The Anonymous Hacktivist group has been in many headlines this past year. Who are they? What did they attack? How do they communicate?
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A user interface can be loosely defined as the point where a person interacts with a machine. Currently, that interaction point can be a laptop or a smart phone, quite different types of physical presentation space. A solution might look fantastic on a laptop, but not work on smart phone's browser, causing the user to have to scroll around on the page. What we need is a comprehensive collection of interface patterns to use as a guide. Designing Interfaces is that guide.
I'm amazed at all the technical people living here in Lawrence, Kansas, so I've decided to do a series of interviews to highlight what our small college town has to offer the international tech community. Recently I sat down with local author Stephen Figgins at a coffee shop to talk about what's new in the latest release of the popular Linux in a Nutshell book.
Linus Torvalds, Jim Zemlin, Mark Shuttleworth, Joe 'Zonker' Brockmeier, Greg Kroah-Hartman, Chris Wright, Jonathan Corbet, and more via LIVE STREAM
If you can't make it to LinuxCon this year, you can participate remotely through our live video stream, which includes all presentation slides. Keynotes are FREE and three days of conference sessions are only $99!
Last week I took the 20-minute BART ride from the East Bay over to Moscone West in San Francisco to visit what was once known as LinuxWorld and is now OpenSourceWorld, Next Generation Data Center, and CloudWorld all rolled into one event. Like many others, having been to previous LinuxWorlds, I was curious to see how this re-branding and grouping of events would pan out. LinuxWorld had been getting quite the panning (no pun intended) over the last five years or so, so could the new event cut the mustard and reel back in its once committed group of sightseers?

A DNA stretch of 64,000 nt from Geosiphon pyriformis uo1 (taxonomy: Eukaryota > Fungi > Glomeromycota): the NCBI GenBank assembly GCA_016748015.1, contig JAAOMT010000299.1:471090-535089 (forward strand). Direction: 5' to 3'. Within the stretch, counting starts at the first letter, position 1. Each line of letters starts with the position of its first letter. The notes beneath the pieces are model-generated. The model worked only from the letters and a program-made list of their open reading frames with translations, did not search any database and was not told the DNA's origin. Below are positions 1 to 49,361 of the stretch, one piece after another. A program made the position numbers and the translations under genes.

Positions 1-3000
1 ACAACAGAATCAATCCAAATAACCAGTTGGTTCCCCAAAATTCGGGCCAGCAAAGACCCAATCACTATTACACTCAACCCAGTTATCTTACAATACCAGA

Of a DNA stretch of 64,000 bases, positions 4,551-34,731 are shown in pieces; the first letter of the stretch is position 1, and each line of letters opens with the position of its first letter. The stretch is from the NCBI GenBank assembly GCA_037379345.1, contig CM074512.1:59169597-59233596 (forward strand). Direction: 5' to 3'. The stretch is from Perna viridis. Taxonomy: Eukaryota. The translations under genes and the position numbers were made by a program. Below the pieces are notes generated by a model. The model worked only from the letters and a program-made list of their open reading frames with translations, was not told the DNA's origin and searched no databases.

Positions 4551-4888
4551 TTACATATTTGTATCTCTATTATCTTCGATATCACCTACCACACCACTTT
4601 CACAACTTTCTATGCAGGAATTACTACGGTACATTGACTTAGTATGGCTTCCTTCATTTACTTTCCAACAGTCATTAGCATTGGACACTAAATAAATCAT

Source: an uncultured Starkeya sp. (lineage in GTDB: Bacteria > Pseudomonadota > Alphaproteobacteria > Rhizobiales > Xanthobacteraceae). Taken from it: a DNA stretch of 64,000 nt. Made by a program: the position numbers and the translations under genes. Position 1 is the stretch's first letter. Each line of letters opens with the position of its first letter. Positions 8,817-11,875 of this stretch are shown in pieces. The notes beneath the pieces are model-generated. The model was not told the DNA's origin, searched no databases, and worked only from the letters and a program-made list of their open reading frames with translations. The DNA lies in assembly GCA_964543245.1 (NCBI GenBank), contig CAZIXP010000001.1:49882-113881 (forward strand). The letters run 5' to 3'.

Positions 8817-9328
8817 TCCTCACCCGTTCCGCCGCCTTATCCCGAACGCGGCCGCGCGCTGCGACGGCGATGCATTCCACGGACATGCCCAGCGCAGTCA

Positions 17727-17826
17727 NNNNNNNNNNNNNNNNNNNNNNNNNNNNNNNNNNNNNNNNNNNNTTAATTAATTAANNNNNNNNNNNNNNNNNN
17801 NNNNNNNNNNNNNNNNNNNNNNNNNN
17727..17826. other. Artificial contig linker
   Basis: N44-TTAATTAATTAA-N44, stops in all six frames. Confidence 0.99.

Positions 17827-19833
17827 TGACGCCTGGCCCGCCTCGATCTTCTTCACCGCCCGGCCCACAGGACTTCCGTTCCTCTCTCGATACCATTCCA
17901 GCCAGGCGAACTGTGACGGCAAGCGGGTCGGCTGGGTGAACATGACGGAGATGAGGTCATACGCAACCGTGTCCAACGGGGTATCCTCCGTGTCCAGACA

Recently, five college professors spent an intense five days with Red Hat employees and other members of the free and open source software (FOSS) community. Red Hat called the experience POSSE (Professors' Open Source Summer Experience). The goal of the week was to show how FOSS could be used in post-secondary education, and to create a community to further the goal.
O'Reilly's Velocity Conference, held June 22-24 in San Jose, California, was one of the most relevant conferences on the state of the Web.
FISL 10.0 in Porto Alegre, Brazil was the best yet, for many reasons. For a long time I have been impressed with how the FISL organizers (most, if not all of which are volunteers) have brought together government, industry and the community to put on an ever-larger and more complex event.
Carnegie Mellon researchers say 3 million pages could fall down the phishing hole in the next year.
The US government rolls new best-practice rules for protecting SSH.
Klaus Knopper announces the latest version of his iconic Live Linux system.
DARPA and NICTA release the code for the ultra-secure microkernel system used in aerial drones.
Should you trust an online service to store your online passwords?
New B+ board lets you build cool things without the complication of a powered USB hub.
Redmond rushes in to root out alleged malware haven.
New initiative will bring futuristic virtual reality effects to the web surfing experience.